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Unformatted text preview: NEA v Finley NATIONAL ENDOWMENT FOR THE ARTS, ET AL., PETITIONERS v. KAREN FINLEY, ET AL. No. 97-371 SUPREME COURT OF THE UNITED STATES 524 U.S. 569; 118 S. Ct. 2168; 141 L. Ed. 2d 500; 1998 U.S. LEXIS 4211; 66 U.S.L.W. 4586; 98 Daily Journal DAR 6957; 1998 Colo. J. C.A.R. 3222; 11 Fla. L. Weekly Fed. S 675 March 31, 1998, Argued June 25, 1998, Decided PRIOR HISTORY: ON WRIT OF CERTIORARI TO THE UNITED STATES COURT OF APPEALS FOR THE NINTH CIRCUIT. DISPOSITION: 100 F.3d 671 , reversed and remanded. CASE SUMMARY PROCEDURAL POSTURE: Petitioner National Endowment for the Arts (NEA) sought review of an order from the United States Court of Appeals for the Ninth Circuit that affirmed the district court's grant of summary judgment in favor of respondent artists. The artists challenged the constitutionality of the grant-making procedures under the National Foundation on the Arts and Humanities Act, 20 U.S.C.S. 954(d)(1) . OVERVIEW: The artists challenged the grant-making procedures outlined in the National Foundation on the Arts and Humanities Act, 20 U.S.C.S. 954 (d)(1) , for First Amendment violations and constitutional vagueness after the NEA denied funding for their projects. The district court and court of appeals found that the statute was invalid, but on review, the Supreme Court held that the statute was facially valid because it neither inherently interfered with First Amendment rights nor violated constitutional vagueness principles. The legislation merely took "decency and respect" into consideration and was aimed at reforming procedures rather than precluding speech....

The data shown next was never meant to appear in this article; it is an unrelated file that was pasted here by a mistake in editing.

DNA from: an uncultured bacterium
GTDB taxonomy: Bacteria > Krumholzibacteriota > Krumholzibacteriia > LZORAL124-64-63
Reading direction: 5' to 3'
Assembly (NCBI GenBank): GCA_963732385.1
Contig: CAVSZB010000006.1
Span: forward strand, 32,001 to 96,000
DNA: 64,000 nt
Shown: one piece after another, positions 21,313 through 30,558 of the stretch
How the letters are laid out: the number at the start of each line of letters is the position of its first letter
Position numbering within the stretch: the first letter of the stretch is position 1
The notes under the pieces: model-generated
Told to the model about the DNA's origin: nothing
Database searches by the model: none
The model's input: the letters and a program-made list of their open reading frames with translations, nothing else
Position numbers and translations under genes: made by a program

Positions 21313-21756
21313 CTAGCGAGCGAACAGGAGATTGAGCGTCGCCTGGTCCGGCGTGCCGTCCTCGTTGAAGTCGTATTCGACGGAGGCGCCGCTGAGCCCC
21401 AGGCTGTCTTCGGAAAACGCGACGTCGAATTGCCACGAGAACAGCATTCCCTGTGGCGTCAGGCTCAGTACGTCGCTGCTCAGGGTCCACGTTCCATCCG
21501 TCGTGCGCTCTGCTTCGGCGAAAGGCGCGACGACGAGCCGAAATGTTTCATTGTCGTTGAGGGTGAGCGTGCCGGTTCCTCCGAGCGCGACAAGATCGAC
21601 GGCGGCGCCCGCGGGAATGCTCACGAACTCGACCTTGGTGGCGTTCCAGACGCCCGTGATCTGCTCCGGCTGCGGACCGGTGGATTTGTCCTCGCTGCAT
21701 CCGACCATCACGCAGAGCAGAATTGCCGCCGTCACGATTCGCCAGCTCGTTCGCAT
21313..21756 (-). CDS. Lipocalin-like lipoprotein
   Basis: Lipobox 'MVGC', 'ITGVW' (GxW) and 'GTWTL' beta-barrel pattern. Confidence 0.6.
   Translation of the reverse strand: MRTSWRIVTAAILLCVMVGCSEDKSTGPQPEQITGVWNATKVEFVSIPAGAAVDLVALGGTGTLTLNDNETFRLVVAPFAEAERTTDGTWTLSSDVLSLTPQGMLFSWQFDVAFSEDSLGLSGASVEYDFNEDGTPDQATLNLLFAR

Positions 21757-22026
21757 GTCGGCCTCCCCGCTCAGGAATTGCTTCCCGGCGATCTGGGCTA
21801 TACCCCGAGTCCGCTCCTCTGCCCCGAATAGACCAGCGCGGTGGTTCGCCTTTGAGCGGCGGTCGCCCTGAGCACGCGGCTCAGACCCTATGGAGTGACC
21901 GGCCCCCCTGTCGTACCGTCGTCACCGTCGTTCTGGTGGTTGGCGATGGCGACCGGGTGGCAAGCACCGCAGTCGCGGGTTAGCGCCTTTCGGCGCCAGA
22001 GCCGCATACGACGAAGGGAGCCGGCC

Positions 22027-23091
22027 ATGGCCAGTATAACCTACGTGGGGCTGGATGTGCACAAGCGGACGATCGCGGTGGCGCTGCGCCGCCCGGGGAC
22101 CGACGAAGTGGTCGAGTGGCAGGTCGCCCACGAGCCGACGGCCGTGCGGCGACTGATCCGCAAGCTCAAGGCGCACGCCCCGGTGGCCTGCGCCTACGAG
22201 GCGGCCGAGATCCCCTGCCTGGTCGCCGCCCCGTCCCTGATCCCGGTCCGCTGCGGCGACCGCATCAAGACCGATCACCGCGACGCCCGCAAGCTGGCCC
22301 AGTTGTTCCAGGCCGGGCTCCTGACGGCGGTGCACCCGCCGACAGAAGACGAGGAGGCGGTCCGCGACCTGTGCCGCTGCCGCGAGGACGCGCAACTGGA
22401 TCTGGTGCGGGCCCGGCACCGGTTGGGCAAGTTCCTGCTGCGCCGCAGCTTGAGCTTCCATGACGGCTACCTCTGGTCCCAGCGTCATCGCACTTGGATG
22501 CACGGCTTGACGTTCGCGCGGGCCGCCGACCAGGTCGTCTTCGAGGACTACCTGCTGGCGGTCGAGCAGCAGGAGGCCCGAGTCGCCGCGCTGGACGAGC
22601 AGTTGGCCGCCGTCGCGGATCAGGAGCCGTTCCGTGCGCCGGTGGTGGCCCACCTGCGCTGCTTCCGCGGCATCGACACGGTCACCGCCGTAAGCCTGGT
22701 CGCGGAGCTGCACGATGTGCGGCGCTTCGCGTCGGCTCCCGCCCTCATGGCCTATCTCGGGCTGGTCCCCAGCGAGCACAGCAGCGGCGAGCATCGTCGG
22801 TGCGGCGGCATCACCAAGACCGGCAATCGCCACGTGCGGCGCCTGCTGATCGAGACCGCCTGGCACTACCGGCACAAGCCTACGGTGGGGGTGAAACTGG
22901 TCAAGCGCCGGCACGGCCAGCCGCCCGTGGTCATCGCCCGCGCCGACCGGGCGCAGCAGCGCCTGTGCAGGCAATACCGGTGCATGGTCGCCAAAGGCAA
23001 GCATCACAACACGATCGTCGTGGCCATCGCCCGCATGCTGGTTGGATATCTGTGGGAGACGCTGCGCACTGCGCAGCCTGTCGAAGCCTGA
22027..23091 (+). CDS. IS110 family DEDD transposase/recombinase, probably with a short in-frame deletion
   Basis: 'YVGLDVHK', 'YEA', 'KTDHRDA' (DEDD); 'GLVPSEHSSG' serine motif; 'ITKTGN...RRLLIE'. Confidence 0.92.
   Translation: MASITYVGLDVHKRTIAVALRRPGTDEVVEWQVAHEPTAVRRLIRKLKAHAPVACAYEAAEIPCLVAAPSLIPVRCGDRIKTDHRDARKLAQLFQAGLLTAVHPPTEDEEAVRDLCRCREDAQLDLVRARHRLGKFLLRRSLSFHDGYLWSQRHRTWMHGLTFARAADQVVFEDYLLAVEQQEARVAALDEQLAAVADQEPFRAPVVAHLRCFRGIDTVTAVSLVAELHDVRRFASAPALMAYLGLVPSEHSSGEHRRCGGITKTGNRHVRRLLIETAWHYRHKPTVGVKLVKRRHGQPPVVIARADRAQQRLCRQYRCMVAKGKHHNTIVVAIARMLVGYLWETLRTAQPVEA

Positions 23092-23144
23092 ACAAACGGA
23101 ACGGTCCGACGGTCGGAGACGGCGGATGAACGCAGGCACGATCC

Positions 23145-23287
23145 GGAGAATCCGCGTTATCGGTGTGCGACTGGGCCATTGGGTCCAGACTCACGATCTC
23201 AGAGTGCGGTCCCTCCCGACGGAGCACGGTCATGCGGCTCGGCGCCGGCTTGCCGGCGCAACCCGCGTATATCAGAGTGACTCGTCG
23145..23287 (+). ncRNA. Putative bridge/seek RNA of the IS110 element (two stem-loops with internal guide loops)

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This note was uploaded on 05/04/2010 for the course PLS 460 taught by Professor Lermack during the Spring '10 term at Bradley.
- Spring '10